Hello, my name is Aaron and I write short stories. Granted, the longest piece I've written was well over 100,000 words (my first "novel" and first piece of fiction I wrote), but after editing and trimming, it landed well within the 70K range. Yes, I cut 30,000 words. Loathsome, Dark and Deep is only 67,000 words. Nothing else comes close.
I am a short story writer, and I'm not ashamed.
But things make me sad... like the white whale short story markets of yesteryear becoming the graveyard of today. After reinstating my account on Duotrope.com, I noted the following:
Of my reported acceptances (155 including poetry and reprints), 48 of those markets were dead (closed or defunct), including Everyday Weirdness, Necrotic Tissue, The Rose and Thorn Journal... some of my favorite stories had life there. Note those 48 markets represented more than 48 of my acceptances. Everyday Weirdness printed several stories and I was fortunate enough to place 3 with Necrotic Tissue. I loved those publications and did what I could to support them. Thanks to Nathan E. Lilly (Everyday Weirdness) and R. Scott McCoy (Necrotic Tissue) for everything they did to bring my stories and stories from other authors to readers' attention.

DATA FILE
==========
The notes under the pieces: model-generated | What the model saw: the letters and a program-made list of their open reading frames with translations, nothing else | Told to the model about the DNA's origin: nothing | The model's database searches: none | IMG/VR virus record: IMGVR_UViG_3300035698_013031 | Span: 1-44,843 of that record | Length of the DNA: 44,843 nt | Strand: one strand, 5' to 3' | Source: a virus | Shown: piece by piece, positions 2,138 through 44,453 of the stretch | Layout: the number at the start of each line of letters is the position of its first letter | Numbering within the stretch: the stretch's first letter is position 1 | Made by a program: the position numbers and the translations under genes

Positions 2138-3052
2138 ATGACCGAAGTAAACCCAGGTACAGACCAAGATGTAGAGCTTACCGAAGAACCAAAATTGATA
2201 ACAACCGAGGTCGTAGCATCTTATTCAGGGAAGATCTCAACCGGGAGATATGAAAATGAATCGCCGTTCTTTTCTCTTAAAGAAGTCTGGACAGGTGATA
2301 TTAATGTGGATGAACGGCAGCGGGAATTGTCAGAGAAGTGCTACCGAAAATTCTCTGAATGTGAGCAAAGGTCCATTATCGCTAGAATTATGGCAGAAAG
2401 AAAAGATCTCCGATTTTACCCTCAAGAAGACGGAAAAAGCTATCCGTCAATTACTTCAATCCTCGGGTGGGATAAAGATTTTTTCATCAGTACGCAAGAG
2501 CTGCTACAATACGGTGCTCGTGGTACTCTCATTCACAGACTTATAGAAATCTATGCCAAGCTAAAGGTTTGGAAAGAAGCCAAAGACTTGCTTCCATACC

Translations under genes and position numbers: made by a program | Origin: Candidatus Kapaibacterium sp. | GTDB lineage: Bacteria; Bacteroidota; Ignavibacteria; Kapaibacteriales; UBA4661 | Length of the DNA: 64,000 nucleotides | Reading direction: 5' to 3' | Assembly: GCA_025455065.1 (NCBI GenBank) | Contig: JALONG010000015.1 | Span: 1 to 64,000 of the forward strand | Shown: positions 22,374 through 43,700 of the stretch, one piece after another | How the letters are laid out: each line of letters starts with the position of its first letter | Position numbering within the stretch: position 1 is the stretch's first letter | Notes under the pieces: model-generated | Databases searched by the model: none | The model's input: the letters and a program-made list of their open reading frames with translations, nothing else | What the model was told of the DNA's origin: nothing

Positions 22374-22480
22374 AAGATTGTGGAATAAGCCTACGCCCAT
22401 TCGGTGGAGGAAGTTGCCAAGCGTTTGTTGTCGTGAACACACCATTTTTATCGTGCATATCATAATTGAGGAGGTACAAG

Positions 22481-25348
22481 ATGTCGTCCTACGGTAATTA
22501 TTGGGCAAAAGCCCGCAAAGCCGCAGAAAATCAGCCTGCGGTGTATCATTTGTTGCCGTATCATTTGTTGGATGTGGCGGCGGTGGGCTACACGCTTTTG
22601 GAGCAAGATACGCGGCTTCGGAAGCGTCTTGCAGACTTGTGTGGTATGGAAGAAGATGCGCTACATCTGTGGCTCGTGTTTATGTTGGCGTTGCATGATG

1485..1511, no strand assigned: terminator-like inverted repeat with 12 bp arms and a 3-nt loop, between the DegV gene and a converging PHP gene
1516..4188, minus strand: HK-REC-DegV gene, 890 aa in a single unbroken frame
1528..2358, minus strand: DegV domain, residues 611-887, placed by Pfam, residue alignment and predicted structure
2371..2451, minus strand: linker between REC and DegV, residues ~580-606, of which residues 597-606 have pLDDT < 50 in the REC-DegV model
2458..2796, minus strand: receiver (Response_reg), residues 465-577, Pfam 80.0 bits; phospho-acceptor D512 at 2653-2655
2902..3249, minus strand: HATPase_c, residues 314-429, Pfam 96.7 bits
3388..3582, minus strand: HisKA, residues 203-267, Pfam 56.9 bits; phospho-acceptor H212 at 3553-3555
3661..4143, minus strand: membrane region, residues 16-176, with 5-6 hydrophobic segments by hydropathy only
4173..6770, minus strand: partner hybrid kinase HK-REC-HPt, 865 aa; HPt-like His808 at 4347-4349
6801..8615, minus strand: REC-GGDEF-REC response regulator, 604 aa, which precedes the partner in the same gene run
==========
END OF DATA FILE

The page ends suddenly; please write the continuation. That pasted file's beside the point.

Short story venues die. It's the nature of the beast. My own brain child, 52 Stitches, is no more, but it had two years to run. It's time is done. But those which stick around? Wonderful. I'm proud to have a story in issue #118 of Space and Time. #118 people. The magazine has been around since before I was a zygote.
There are white whales I will chase and never capture before their deaths--this, too, is the nature of the beast. But I am a short story writer. I write short stories, and the submission/rejection process has made me a better writer. My stories are stronger because they've had to survive in a world of high casualty rates.
Here's a fear: writing is going to suffer in this do-it-yourself world. It already has. Why face rejections when I can easily publish myself via Smashwords, Kindle, Createspace and the like?* Why? Because, dear readers, without those white whales, even the dead ones, I would not have become the writer I am today. I wouldn't have sold a few stories to professional venues or found myself on any honorable mention lists. Writing short fiction is about the story, the art of words, and making life out of digital nothing. I want my stories to be like my flesh-and-bone children: resilient and beautiful.
Write on, chase those whales, and give some pause and respect when they leave us.
*Yes, I've published plenty of previously published material via these venues. But my first path--and it should always be a first path--was and remains the submissions trail and quest for those white whales.